Segura will likely not have a stretch as good as his March-June stretch anytime soon. He should still have plenty of value, especially considering that his legs have always been considered to be his fantasy meal ticket. Despite his sub-par slash line in the last three months of the season, he still was able to swipe 20 bags. He doesn’t have to hit for much power to be a top-5 shortstop option if he’s going to swipe 40+ bags.
Projection systems tend to believe that his late season swoon was an aberration and that he’ll perform closer to his earlier numbers, although not quite as good.
If Segura is able to produce the average of the projections above, owners should be thrilled. By all accounts he should hit near the top of an order that will include: Carlos Gomez, Ryan Braun, Jonathan Lucroy, and Aramis Ramirez so there should be plenty of runs to be scored.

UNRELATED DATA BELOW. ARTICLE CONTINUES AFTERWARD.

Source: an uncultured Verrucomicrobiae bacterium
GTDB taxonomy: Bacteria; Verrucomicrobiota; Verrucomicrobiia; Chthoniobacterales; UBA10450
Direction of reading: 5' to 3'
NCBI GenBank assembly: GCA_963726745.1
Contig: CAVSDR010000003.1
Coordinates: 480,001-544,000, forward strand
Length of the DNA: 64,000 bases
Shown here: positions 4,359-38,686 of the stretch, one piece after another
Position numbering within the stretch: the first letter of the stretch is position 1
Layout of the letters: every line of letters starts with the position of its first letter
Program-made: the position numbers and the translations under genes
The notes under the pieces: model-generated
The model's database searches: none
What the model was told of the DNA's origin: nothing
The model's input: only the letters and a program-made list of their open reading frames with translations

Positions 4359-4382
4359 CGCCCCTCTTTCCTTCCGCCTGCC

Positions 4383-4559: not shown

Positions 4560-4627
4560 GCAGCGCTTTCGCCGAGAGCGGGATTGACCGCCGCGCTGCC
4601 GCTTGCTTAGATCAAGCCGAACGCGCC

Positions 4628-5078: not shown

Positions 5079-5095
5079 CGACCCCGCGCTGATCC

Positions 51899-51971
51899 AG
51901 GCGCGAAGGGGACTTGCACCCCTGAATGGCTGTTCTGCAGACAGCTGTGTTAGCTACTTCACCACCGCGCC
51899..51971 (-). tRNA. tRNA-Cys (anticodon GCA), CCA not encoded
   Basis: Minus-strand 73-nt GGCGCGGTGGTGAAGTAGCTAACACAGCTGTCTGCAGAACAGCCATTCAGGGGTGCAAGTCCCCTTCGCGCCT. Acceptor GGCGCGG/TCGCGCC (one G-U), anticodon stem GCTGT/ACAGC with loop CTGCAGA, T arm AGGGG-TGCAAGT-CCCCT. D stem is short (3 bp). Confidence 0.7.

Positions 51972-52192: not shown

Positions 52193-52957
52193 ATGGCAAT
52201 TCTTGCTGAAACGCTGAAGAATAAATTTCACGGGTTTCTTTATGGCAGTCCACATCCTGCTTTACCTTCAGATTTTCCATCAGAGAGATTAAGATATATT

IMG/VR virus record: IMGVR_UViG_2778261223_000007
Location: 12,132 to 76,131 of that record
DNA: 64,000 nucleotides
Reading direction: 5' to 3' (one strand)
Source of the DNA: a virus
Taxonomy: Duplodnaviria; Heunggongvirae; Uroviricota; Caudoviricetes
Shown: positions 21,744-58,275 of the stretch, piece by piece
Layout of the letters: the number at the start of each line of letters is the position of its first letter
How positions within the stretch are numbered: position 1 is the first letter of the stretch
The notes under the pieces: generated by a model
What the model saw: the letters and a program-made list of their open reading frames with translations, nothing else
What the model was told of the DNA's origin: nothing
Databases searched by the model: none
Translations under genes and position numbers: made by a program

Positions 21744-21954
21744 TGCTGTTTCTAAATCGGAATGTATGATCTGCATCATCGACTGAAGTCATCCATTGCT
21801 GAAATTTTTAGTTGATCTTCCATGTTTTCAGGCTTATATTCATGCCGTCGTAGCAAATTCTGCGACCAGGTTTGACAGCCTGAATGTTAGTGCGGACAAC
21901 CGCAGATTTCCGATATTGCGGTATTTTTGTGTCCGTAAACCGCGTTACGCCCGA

One thing has been on many fantasy players’ minds since the early ADP reports have surfaced: Jose Reyes or Segura? Segura’s ADP in NFBC drafts is ~29th overall. Reyes’ is a little cheaper, checking in at ~38. While NFBC drafters favor Segura, ESPN’s rankings summit pegged Reyes as the #4 SS and Segura at #7.
Choosing Reyes or Segura is fascinating because there are plenty of questions surrounding both. In fact, the top five players as SS (Tulo, Hanley, Reyes, Desmond, and Segura) all have sizable question marks. Some of them are health issues. One has contact issues. And one – as stated above – was atrocious down the stretch.